Parallel Computation of Component Trees on Distributed Memory Machines

From LRDE

Abstract

Component trees are region-based representations that encode the inclusion relationship of the threshold sets of an image. These representations are one of the most promising strategies for the analysis and the interpretation of spatial information of complex scenes as they allow the simple and efficient implementation of connected filters. This work proposes a new efficient hybrid algorithm for the parallel computation of two particular component trees—the max- and min-tree—in shared and distributed memory environments. For the node-local computation a modified version of the flooding-based algorithm of Salembier is employed. A novel tuple-based merging scheme allows to merge the acquired partial images into a globally correct view. Using the proposed approach a speed-up of up to 44.88 using 128 processing cores on eight-bit gray-scale images could be achieved. This is more than a five-fold increase over the state-of-the-art shared-memory algorithm, while also requiring only one-thirty-second of the memory.

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Bibtex (lrde.bib)

@Article{	  goetz.18.tpds,
  author	= {Markus G\"otz and Gabriele Cavallaro and Thierry G\'eraud
		  and Matthias Book and Morris Riedel},
  title		= {Parallel Computation of Component Trees on Distributed
		  Memory Machines},
  journal	= {IEEE Transactions on Parallel and Distributed Systems},
  year		= 2018,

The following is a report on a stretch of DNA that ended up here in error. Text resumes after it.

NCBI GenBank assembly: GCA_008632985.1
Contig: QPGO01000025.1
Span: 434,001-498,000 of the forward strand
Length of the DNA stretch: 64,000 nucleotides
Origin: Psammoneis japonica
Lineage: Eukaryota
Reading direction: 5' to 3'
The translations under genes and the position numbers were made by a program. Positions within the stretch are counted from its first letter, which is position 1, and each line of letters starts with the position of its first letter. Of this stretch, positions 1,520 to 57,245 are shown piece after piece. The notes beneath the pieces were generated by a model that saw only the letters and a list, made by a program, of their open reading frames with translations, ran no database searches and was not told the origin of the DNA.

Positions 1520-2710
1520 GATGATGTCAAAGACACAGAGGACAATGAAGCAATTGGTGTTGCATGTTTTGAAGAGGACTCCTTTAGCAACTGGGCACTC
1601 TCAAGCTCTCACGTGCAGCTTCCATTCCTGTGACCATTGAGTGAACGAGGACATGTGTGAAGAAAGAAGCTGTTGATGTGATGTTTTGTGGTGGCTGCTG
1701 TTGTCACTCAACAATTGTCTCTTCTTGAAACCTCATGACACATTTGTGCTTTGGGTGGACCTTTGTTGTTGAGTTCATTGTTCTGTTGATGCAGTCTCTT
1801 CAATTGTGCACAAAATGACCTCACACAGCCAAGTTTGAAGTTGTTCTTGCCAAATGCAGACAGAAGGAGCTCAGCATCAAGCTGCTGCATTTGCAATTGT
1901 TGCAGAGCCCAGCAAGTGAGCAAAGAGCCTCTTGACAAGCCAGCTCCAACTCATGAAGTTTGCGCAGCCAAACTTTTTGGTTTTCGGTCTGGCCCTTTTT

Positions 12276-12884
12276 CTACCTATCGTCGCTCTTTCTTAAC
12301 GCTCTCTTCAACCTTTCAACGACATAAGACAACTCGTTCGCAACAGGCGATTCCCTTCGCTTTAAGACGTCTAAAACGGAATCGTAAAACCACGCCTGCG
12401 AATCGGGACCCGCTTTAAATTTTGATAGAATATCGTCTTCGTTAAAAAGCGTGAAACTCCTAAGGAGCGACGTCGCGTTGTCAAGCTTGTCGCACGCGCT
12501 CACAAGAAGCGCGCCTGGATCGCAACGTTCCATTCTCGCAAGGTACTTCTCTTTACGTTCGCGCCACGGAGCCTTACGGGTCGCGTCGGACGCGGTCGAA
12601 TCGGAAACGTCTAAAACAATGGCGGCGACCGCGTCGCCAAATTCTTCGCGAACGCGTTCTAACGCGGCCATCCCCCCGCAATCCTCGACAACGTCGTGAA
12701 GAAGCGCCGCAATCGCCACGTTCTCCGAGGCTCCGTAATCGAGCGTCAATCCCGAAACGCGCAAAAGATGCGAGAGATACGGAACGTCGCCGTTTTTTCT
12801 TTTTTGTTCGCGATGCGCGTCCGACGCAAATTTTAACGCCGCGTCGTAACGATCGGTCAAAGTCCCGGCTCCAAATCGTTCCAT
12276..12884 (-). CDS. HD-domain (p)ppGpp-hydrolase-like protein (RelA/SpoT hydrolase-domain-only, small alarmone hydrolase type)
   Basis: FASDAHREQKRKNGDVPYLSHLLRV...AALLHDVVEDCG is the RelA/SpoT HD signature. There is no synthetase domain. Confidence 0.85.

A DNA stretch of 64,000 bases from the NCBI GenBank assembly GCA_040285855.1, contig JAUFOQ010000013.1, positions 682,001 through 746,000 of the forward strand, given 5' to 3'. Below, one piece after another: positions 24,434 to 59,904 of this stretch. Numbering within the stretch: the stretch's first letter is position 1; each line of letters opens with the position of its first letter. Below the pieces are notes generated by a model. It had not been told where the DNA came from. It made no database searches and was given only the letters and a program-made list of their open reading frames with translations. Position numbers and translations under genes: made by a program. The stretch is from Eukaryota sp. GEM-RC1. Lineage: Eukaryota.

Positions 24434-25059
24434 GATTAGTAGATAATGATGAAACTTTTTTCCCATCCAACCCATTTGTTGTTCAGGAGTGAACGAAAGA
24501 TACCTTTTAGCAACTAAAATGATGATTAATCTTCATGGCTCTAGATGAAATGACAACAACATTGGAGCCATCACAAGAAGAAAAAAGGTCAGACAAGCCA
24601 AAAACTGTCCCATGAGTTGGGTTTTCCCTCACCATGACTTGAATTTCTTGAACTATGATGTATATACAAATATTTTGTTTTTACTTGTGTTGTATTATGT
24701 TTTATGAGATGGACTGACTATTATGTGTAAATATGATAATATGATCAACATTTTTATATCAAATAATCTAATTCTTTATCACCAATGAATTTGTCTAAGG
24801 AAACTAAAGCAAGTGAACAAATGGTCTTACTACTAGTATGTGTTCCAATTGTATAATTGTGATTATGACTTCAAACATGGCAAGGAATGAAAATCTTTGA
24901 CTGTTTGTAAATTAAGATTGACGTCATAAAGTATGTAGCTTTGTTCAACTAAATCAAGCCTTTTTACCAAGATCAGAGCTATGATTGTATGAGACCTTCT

pages		= {1--18},
  abstract	= {Component trees are region-based representations that
		  encode the inclusion relationship of the threshold sets of
		  an image. These representations are one of the most
		  promising strategies for the analysis and the
		  interpretation of spatial information of complex scenes as
		  they allow the simple and efficient implementation of
		  connected filters. This work proposes a new efficient
		  hybrid algorithm for the parallel computation of two
		  particular component trees---the max- and min-tree---in
		  shared and distributed memory environments. For the
		  node-local computation a modified version of the
		  flooding-based algorithm of Salembier is employed. A novel
		  tuple-based merging scheme allows to merge the acquired
		  partial images into a globally correct view. Using the
		  proposed approach a speed-up of up to 44.88 using 128
		  processing cores on eight-bit gray-scale images could be
		  achieved. This is more than a five-fold increase over the
		  state-of-the-art shared-memory algorithm, while also
		  requiring only one-thirty-second of the memory.}
}